High-level representatives of Cambodia and seven other countries, including regional powers China and India, have discussed ways to devise a peaceful solution to the situation in Myanmar, even as Prime Minister Hun Sen described the situation as “worsening”.
Discussions took place during an informal meeting among several countries that shared concerns about the deteriorating crisis in Myanmar. The meeting was hosted by Thailand.
Ministry of Foreign Affairs and International Cooperation spokesman An Sokhoeun told reporters on June 19 that ministry secretary of state Kung Phoak represented the Kingdom at the meeting, as foreign minister Prak Sokhonn had “urgent commitments” within Cambodia.
The ministry initially announced on June 17 that Sokhonn would attend the informal meeting at the invitation of his Thai counterpart Don Pramudwinai.
The Thai foreign ministry said in a June 18 press release that although the meeting was being held outside the ASEAN framework, it aimed to support the bloc’s efforts to resolve the ongoing crisis.
“Thailand informed the ASEAN regional forum in Phnom Penh in 2022 that it would be advancing dialogue in all forums to find a way to resolve the situation in Myanmar peacefully, including through track 1.5, which comprises both government and academia,” it explained.
Thailand has held a number of informal meetings on Myanmar in a variety of formats and levels – including twice at the ministerial level – the press release noted. This would be the third informal dialogue.
High-level representatives from Cambodia, Myanmar, Laos, India, China, Brunei and Vietnam attended the dialogue, built on previous efforts.
“Establishing a dialogue is a fundamental requirement of diplomacy, and of seeking peaceful solutions. As neighbour that shares a 2,400km long border with Myanmar, Thailand wants to see the cessation of violence, in the hope that it eventually lead to peace and stability inside Myanmar,” said the Thai statement.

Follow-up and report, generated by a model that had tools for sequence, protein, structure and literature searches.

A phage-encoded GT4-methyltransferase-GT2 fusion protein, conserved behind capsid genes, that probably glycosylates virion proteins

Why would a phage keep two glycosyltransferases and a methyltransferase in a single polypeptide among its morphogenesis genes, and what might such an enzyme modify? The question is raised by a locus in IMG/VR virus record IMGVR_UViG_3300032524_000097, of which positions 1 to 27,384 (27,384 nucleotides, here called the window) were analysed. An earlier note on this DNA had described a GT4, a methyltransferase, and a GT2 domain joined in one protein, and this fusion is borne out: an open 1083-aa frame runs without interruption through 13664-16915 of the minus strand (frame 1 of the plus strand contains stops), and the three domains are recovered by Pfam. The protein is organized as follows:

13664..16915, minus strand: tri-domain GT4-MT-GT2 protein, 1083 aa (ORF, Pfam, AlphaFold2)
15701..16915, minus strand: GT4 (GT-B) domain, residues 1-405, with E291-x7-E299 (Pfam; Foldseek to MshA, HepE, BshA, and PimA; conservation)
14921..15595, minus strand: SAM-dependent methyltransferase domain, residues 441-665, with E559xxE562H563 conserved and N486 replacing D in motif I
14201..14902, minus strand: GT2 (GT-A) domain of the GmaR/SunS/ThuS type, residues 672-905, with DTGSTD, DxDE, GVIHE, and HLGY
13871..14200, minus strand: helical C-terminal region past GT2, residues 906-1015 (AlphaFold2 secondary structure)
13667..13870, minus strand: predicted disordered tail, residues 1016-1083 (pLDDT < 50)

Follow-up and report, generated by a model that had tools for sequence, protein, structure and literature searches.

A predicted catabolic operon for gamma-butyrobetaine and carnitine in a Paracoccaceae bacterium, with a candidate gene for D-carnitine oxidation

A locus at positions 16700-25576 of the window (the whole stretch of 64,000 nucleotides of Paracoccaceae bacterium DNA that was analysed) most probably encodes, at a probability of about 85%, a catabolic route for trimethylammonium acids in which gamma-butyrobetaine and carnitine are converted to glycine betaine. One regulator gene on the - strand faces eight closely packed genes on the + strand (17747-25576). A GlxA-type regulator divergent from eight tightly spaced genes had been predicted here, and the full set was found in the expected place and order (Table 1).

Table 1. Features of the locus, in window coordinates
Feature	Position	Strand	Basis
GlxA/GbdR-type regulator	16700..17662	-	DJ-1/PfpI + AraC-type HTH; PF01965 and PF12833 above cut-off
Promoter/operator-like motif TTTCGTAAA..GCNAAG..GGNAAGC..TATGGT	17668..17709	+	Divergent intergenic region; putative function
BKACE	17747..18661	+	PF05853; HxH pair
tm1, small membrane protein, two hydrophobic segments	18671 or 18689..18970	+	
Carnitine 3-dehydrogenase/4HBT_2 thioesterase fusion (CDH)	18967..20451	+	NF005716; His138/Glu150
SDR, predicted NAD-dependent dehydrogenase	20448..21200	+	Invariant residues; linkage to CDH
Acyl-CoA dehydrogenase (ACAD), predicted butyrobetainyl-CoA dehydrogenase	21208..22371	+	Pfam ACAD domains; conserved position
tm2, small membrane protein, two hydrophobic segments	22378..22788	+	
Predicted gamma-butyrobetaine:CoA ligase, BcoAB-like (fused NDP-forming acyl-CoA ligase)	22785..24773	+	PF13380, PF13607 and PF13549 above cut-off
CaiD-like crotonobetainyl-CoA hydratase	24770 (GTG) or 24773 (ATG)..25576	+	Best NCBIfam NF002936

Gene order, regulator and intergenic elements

Thailand has provided continuously humanitarian assistance to the people of Myanmar, both directly and indirectly, in the context of the conflict and of natural disasters, it added.
“Thailand was the first country in ASEAN to establish a Humanitarian Task Force – chaired by the deputy prime minister and minister of foreign affairs – and has coordinated with various UN and international organisations to provide support to the people of Myanmar.
Senior General Min Aung Hlaing, president of Myanmar’s ruling State Administration Council (SAC), has been accused of carrying out a “military coup” which overthrew the former civilian government led by Aung Sann Suu Kyi on February 1, 2021.
Hun Sen, speaking at the inauguration ceremony of the Bak Kheng water treatment plant in Phnom Penh on July 19, recalled that he was attending the groundbreaking of the plant on the day of the coup.
“I was here back then. I did not say anything because we regarded it as an internal matter for Myanmar,” he said.
He noted that not only had the situation not been resolved, it appeared to be worsening. The most important thing, he suggested, is to prevent Myanmar from slipping into a full-blown civil war.
“In February 2021, Cambodia was beginning construction of a water treatment plant, while Myanmar was undergoing a coup. Despite the Covid-19 pandemic and other disruptions, the first phase of the treatment plant was officially inaugurated today, with phase II well underway,” said the premier.
“It is clear that these accomplishments are due to the peace which we enjoy here in Cambodia, and worth reflecting on the difference between the two countries. What are the latest achievements of Myanmar other than the destruction of human lives and property?” he asked rhetorically.